Competition in Medical Services and the Quality of Care: Concepts and History
This paper reviews the concept of optimal quality in medical care from an economic viewpoint. It also provides some data on recent trends in competition in the health care sector. Economically optimal quality reflects a tradeoff of marginal benefits against (minimized) marginal cost. Actual quality may be suboptimal either because of technical inefficiency in the production of quality or because consumers fail to make proper choices. In concept, competition, if supplemented by adequate information, can help. Overall competition in the hospital industry has declined modestly in recent years, but competition in markets for more generously reimbursed specific services, such as coronary artery bypass grafting, has increased.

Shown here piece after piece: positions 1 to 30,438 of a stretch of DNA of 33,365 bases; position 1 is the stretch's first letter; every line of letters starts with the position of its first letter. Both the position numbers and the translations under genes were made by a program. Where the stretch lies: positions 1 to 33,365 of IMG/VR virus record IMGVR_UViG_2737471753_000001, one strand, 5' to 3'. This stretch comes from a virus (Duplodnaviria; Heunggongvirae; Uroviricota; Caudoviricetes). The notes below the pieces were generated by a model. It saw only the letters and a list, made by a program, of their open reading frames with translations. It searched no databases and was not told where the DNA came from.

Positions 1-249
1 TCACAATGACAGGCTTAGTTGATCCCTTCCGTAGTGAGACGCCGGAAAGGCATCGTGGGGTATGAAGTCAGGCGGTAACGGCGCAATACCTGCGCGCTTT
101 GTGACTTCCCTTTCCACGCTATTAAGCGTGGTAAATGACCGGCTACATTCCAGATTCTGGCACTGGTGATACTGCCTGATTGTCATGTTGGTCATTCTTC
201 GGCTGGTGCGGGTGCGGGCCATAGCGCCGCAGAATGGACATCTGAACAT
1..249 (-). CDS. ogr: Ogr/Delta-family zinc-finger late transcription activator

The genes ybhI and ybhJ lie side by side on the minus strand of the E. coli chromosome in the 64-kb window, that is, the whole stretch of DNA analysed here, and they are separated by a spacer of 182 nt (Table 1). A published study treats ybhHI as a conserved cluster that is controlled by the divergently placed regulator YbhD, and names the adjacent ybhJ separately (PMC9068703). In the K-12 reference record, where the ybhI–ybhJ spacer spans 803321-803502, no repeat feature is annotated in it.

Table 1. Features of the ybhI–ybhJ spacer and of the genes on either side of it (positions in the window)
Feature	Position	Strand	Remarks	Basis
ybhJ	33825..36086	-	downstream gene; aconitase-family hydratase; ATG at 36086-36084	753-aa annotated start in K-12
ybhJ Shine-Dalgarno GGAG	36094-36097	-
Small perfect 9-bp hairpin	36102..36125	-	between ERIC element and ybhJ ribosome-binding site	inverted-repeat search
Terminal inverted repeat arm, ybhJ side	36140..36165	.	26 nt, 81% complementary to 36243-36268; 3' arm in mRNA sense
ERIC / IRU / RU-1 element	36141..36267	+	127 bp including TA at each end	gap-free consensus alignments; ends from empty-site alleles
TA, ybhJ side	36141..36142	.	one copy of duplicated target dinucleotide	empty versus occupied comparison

If you experience problems downloading a file, check if you have the proper application to view it first. In case of further problems read the IDEAS help page. Note that these files are not on the IDEAS site. Please be patient as the files may be large.
As the access to this document is restricted, you may want to look for a different version under "Related research" (further below) or search for a different version of it.
Volume (Year): 4 (2004)
Issue (Month): 2 (06)
|Contact details of provider:|| Web page: http://www.springer.com|
|Order Information:||Web: http://www.springer.com/public+health/journal/10754/PS2|